How YA Books Have Made Me a Better Writer

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So I’ve already mentioned several times the importance of reading what you write, and why reading is not optional for writers, and why we shouldn’t shame each other for our reading choices.  

But in light of a certain article shaming adults for liking YA, and in honor of the fabulous #PromoteaYAInstead and #NoShameYA, I want to share how YA books have made me a better writer. Because they have.

The Shatter Me series by Tahereh Mafi taught me that the conventional rules and styles of language can be broken, and broken beautifully. They taught me that poetry, beautiful imagery and action aren’t mutually exclusive. The Shatter Me series also remains an awesome example of how to completely nail character development over the course of a series.

The Across the Universe series by Beth Revis arguably has influenced me the most with my writing. The AtU series taught me Sci-Fi doesn’t have to be robots and super technical science-y things—it can be mixed with romance and mystery and make for some awesome reading. It taught me that dual POV is a thing I actually like, and, as it turns out, love to write. It also taught me some really neat stylistic tricks and reminded me that action, death and things blowing up is fun to read and write about.

Every Day by David Levithan taught me about the power words can have when they connect to a reader and really get them to empathize. It’s a reminder that every person (and character) has their own story. It also serves as a brilliant example of how to get your readers to connect to a character with just a couple pages.

There are so many lessons to be learned from YA, whether it’s for writers or everyday life. And if YA isn’t your thing, that’s totally okay, but know that the rest of us? We’ll continue to proudly read some really awesome books, and learn from them along the way.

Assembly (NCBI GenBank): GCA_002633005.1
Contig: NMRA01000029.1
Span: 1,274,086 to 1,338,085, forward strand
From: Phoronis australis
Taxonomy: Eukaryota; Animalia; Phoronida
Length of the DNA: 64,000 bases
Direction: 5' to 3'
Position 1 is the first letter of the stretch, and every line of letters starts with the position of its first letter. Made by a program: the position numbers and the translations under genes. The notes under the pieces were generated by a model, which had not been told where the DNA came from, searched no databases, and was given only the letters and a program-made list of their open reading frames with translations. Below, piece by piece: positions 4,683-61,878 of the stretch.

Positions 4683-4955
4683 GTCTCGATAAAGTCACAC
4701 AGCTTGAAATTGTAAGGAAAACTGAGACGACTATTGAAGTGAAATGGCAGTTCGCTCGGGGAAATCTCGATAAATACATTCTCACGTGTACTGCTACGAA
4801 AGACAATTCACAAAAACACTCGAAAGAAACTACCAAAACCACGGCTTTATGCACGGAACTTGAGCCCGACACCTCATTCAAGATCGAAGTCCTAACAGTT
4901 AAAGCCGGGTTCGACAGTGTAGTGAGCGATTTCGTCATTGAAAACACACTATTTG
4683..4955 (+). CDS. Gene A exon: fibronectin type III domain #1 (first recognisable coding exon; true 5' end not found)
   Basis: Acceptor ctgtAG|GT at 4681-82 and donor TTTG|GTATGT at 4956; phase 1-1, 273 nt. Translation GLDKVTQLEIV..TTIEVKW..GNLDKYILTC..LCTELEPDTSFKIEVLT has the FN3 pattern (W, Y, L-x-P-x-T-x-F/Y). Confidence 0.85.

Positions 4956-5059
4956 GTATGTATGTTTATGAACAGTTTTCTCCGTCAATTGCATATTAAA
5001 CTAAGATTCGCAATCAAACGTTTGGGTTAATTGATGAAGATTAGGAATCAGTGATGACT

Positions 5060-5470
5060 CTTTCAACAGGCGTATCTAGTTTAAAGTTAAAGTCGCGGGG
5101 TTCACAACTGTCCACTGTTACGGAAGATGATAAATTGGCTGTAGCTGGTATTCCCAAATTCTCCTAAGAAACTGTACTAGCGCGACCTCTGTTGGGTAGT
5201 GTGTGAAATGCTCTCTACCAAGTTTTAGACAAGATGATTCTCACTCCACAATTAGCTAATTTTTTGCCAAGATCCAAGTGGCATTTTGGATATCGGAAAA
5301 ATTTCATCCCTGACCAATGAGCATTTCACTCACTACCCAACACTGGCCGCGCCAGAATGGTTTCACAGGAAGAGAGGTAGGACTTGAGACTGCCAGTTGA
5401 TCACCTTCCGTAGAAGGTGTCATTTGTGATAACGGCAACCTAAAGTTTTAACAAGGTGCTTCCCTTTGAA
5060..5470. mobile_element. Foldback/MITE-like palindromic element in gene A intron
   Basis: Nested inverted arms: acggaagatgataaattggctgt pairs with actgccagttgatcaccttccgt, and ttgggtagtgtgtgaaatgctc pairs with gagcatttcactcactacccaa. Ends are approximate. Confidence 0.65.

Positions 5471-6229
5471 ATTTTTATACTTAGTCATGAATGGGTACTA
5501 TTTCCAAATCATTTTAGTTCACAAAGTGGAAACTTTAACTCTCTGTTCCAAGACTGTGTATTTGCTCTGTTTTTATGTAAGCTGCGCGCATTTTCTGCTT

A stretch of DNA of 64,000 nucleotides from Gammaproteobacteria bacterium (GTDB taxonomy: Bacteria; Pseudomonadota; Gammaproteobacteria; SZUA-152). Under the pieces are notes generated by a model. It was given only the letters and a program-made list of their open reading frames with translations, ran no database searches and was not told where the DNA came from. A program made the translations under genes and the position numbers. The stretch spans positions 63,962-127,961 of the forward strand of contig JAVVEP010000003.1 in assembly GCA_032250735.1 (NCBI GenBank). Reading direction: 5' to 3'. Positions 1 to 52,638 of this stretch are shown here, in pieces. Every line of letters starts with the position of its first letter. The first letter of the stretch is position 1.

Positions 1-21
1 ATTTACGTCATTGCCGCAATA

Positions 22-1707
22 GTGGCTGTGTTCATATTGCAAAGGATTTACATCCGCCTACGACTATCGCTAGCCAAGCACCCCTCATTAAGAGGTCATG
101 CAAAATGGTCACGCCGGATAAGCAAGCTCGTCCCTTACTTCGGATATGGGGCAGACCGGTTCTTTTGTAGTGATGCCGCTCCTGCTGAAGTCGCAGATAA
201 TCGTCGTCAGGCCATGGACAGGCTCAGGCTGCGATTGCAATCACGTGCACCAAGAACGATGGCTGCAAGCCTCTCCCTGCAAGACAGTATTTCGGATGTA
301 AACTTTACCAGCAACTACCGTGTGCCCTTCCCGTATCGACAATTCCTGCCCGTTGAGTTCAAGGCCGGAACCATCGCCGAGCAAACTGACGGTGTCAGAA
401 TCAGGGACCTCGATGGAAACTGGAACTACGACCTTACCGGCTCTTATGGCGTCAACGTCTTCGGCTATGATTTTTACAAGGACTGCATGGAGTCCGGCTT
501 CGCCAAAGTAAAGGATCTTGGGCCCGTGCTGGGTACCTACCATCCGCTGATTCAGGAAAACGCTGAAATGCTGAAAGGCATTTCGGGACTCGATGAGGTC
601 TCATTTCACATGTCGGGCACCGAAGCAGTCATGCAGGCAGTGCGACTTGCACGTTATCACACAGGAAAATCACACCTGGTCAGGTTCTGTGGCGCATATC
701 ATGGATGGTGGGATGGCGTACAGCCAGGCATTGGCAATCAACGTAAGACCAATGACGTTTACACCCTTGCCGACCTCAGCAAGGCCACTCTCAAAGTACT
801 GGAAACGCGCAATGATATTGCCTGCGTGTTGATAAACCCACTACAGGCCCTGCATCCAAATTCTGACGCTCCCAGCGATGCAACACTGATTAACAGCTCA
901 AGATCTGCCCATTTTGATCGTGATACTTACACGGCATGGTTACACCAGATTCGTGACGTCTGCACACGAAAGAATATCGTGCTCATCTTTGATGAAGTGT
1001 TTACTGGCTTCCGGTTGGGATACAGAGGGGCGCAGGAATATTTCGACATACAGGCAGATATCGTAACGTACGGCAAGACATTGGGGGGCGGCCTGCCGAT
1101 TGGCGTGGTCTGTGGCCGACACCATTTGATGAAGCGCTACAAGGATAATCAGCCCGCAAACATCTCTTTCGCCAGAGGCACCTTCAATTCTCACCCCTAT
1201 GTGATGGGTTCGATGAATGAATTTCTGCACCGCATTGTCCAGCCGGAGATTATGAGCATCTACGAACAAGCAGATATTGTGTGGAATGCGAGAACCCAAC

These are just a few examples of lessons I’ve learned from YA, but now I want to hear from you. What have you learned from YA novels? 

Twitter-sized bites: 
Writer @Ava_Jae shares lessons she's learned from YA novels. Have you learned anything from YA? Join the discussion! (Click to tweet)  
How YA books have made @Ava_Jae a better writer. #PromoteaYAInstead #NoShameYA (Click to tweet


Briana said...

It is of the utmost importance that we read as much as we can as writers. YA is becoming more and more popular with readers of all ages, and I agree with you that we can learn great deal from reading books in the genre. Every Day was AMAZING. I'm dying to read the Across the Universe books! Excellent post, as always! :)

Ava Jae said...

Thanks, Briana! I completely agree—there's so much to be learned from books of all categories, and YA is no exception. Let me know what you think of the AtU books! :)

Briana said...

Sure thing. :)

RoweMatthew said...

Can it really be called Young Adult if people who aren't young adults read it? Maybe it needs a new name

Ava Jae said...

It absolutely can. Categories are based on a couple things: who they're marketed for (not necessarily who reads them), the age of the characters and the themes present in the books. YA novels are very much marketed to teenagers—and teenagers do read them, but so do adults. That doesn't make it less YA, it just means adults have found plenty of value in kidlit. As for the other two requirements, YA novels tend to fit them pretty well, otherwise they wouldn't be sold as YA.

Shawn Spjut said...

Love YA. They've taught me that emotions can be raw and undefined - creating far more powerful characters than those that are more mature. From Harry Potter to the Inheritance Cycle to Immortal Instruments, to Clockwork Angels to Wolf Realms to Divergents, to Beautiful Creatures - they all have taught me a lot about the diversification of character and writing style. Interesting - as a child I read adult fantasy. Now as an adult, I find myself enjoying the YA.

Ava Jae said...

Funny you should say that—I read a lot of adult novels when I was within the YA age group, too. It wasn't until I was growing out of the YA age group that I started picking up (and adoring) YA novels.

At any rate, I agree YA has a lot to show for as far as variations in character and writing style. I think the breadth of writing style and voice particularly stuck out to me as I first began reading YA, and it's something I continue to love about the category.

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